photographer — egor kirillov
(murmansk)
«MELTING» CITIES
Murmansk is the largest city in the polar circle. People moved to the North from all over Soviet Union, but nowadays demographic decline is observed in Murmansk. The most of people leaving the town is the youth. Russia. If the trend continues, many cities, like «melting» Murmansk, may disappear from the map.
«Murmansk was built before our eyes... The house we live in was one of the first.
Before that there were only two buildings in that area and nothing else. We've got the flat from a factory».

Faina and Petr moved to Murmansk in the late 50's. They are married since 1964.
Petr is originally from Cherbakyl and Faina is from Vologda. He worked as a navy
radio operator, she worked at furniture factory.
310 thousand people lived there in
1971. In 20 years the population has grown to almost half a million. This was due to
the growth of the fishing and naval industries and huge progress in all areas of city
life.
Since 1998 the population has decreased by almost 100 thousand people. The most of people leaving the town is
the youth. It depends on the fact that central and secondary regions are experiencing different growth rates of living standards.
Bogdan is 23 years old, he's studying to be a skipper. He doesn't see his future in Murmansk:
«The city is dull and small. It's the place to age only... All my classmates have left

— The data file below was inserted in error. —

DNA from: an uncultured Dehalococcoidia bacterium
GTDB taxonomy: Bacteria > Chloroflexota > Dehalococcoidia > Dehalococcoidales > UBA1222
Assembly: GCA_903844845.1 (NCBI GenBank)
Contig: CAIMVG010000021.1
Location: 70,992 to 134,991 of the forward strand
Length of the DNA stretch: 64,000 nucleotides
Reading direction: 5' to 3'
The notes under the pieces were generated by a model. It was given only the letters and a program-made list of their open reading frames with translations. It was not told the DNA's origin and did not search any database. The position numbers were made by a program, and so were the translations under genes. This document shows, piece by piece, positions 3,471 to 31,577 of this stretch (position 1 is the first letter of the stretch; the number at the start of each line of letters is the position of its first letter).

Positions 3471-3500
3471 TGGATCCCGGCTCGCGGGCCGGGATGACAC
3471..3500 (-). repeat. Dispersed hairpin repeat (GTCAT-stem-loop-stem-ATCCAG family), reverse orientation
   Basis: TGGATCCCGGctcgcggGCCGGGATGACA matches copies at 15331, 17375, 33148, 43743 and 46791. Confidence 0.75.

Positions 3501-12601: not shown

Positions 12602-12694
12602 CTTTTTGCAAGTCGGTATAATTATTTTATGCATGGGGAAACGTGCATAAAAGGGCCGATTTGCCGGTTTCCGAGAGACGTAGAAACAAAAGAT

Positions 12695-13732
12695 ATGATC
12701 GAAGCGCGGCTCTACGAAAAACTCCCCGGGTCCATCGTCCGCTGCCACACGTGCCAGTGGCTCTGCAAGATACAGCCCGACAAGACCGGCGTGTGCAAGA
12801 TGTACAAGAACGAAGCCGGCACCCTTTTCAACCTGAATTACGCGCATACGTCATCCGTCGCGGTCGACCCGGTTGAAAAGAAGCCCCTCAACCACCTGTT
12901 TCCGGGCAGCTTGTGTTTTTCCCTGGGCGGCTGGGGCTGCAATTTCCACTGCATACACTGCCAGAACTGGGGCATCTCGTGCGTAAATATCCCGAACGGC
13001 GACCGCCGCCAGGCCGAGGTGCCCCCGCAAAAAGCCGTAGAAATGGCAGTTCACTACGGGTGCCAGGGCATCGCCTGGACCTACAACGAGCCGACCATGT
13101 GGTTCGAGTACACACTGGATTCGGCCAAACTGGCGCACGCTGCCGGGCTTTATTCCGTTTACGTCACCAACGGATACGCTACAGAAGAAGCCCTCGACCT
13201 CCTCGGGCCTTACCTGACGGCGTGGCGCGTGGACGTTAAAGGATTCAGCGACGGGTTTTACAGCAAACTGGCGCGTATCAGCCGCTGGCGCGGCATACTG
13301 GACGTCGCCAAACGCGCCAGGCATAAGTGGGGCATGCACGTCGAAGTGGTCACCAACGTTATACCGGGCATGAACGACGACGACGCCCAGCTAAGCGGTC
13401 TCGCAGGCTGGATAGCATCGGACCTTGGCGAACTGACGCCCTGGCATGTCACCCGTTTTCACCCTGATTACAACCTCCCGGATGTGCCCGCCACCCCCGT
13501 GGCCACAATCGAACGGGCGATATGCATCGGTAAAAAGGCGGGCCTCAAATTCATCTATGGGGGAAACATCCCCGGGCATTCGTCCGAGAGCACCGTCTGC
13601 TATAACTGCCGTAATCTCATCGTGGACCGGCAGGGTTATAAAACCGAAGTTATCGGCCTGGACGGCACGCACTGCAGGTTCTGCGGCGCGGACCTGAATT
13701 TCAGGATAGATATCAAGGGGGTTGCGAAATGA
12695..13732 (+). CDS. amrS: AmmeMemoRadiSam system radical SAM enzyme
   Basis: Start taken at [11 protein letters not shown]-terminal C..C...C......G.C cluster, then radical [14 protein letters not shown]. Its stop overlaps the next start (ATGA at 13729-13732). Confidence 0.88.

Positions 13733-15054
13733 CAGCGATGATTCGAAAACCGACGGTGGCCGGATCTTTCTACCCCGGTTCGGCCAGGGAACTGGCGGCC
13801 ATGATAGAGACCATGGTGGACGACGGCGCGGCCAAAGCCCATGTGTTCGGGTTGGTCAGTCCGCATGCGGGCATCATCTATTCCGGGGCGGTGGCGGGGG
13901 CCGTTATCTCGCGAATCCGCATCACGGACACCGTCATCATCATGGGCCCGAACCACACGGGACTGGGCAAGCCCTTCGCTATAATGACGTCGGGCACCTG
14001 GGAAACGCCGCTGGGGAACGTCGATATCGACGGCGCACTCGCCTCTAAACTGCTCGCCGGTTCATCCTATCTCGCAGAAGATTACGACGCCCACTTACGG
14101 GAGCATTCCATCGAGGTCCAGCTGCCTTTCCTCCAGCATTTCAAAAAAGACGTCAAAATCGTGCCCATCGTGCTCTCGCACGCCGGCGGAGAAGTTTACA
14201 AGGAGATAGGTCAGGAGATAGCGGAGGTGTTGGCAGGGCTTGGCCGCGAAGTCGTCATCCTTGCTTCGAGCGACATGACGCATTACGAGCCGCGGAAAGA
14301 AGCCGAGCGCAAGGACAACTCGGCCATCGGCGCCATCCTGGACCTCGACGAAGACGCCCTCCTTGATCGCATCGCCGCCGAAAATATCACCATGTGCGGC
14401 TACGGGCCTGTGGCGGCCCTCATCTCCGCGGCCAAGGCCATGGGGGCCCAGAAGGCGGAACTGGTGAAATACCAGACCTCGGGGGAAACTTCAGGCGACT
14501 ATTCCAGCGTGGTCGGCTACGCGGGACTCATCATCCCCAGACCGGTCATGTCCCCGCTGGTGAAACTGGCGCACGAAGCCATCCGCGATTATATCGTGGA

and they don't want to return. There's nothing to do here».
Kola bay remains ice-free throughout the year, thanks to warm Gulf Stream waters. Locals wants government to build a promenade, but the question remains open.
Some people are still leave in wooden huts here.
Also Bogdan told us that Russian sailors land fish in Norway and other nearby
countries. After that Russian suppliers buy it for higher prices. That happens due to
unprepared and expensive conditions of berthing in the port of Murmansk.

Nastya is 23 y.o., she is working as an environmental engineer. in the Murmansk
Commercial Seaport. Her boyfriend is a sailor. He offers her to move from
Murmansk to Saint Petersburg.
Nastya told us about the situation in the village of Belokamenka, on the western
shore of the Kola Bay. It's the place where a shipyard for the construction of floating
plants for liquefying natural gas are being build.

There are almost none workers from
Murmansk. Instead there are people from other cities who work on a rotational basis.
That happens due to the reluctance of the organization to pay local Northern
premiums.
View from the window of a house in the uptown.
Grey color has the advantage in this city. From all this, only one thing follows: Murmansk is one of the many "melting" cities in Russia, which is slowly disappearing before our eyes.
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